Furan Based Electronic Materials for LED and Solar Cell Application

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Furan Based Electronic Materials for LED and Solar Cell Application

Haleshappa Davanagere

Dept of physics Yenepoya Institute of Technology

Moodbidri,India-574225

Jayarama A

Dept of physics

Alvas Institute of Engineering and Technology Moodbidri,India-574225

Abstract In the current report, two novel chalcone derivatives

  1. 1-(furan-2-yl)-3-(4-bromophenyl) prop-2-en-1-one (2AF4B) and (E) 1-(furan-2-yl)-3-(4-nitrophenyl) prop-2-en-1-one (2AF4N) were synthesized and crystallized using slow evaporation technique. The grown single crystals were chemically characterized by FT-IR vibrational technique to confirm the functional groups. The grown 2AF4B and 2AF4N crystals are thermally stable up to 131.59 0C and 224 0C respectively. The grown single crystals are characterized for their mechanical hardness. The 2AF4B and 2AF4N crystals possess high optical transmittance in the entire visible region, the optical band gap was calculated for the 2AF4B and 2AF4N crystals, and it was found to be 3.48 and 3.55 eV respectively. The grown crystals have blue light emission property which is confirmed by photoluminescence studies. The mechanical hardness, thermal stability, and optical band gap and photoluminescence property of the novel organic materials reveal the potentiality in LED and solar cell fabrication.

    KeywordsPhotoluminescence, Optical band gap, LED, solar cell

    1. INTRODUCTION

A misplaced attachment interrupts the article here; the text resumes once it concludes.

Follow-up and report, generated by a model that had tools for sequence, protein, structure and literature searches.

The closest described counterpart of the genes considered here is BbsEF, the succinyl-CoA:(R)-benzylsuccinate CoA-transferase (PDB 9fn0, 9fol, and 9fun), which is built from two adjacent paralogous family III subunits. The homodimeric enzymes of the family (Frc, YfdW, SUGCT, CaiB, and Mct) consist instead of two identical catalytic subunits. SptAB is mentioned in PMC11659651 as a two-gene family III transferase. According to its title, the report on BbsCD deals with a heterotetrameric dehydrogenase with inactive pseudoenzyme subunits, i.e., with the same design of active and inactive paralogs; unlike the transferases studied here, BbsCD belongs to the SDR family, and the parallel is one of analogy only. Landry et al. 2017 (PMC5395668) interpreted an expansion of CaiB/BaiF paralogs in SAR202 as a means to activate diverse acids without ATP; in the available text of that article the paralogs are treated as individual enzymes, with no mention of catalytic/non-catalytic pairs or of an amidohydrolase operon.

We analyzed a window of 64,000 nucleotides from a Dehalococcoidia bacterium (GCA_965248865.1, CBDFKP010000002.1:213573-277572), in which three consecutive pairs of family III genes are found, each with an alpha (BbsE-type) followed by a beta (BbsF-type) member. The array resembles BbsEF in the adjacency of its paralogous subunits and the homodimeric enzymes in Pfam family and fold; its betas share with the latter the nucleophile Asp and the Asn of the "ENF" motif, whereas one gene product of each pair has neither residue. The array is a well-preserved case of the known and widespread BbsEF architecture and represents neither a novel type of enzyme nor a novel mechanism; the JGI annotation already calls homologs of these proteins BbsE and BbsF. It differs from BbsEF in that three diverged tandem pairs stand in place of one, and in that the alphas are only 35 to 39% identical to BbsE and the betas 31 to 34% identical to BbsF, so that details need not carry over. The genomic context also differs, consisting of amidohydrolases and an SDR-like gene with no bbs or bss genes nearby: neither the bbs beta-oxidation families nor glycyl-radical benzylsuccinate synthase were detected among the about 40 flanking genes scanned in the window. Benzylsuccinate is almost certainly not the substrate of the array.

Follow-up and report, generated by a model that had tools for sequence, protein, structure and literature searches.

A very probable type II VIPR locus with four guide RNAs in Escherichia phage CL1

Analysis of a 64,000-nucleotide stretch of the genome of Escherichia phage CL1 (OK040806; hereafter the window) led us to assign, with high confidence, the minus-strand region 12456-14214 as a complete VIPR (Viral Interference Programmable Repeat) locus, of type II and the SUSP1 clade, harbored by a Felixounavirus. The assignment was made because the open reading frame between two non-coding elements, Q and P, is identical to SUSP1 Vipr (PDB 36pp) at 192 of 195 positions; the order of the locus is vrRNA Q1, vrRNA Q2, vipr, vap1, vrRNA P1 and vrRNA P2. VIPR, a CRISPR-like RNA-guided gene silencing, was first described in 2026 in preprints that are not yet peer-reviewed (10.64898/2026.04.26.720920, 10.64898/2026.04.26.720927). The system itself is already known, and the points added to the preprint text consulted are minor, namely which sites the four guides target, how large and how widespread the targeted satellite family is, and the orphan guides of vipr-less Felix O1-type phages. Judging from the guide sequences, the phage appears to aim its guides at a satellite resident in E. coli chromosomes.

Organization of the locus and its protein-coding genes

The nonlinear optical crystals having an ample amount space in the field of photonic device applications. Therefore currently a great deal of research has been performed in the field of photonics. Particularly organic crystals draw an attention in recent years towards optical sensing, optical data storage, LED, and solar cell [1,2]. The selection of material for photonic applications depends on their photoluminescence, mechanical, optical, and thermal properties such as harness, high melting point, thermal stability, photo emission, and wide optical transparency. Also, organic nonlinear optical materials are attracting a great deal of attention, as they have large optical susceptibilities, inherent ultrafast response, and high optical thresholds for laser power as compared with inorganic materials [3]. In this context, the organic chalcone materials are most advisable because their structure can be easily tailored to enhance their optical nonlinearity as a consequence of the delocalization of electrons in the structure [4]. Subsequently the search for appropriate novel organic NLO materials exhibiting an ensemble of photoluminescence, mechanical, optical, and thermal properties never ceased. Therefore last two decades a large number of organic chromophores were designed [5]. Among them, furan is one of the most extensively employed electron rich material for these systems being their excellent thermal stability, wide optical transparency in the visible region, photo physical and mechanical hardness [6]. Taking these theoretical features in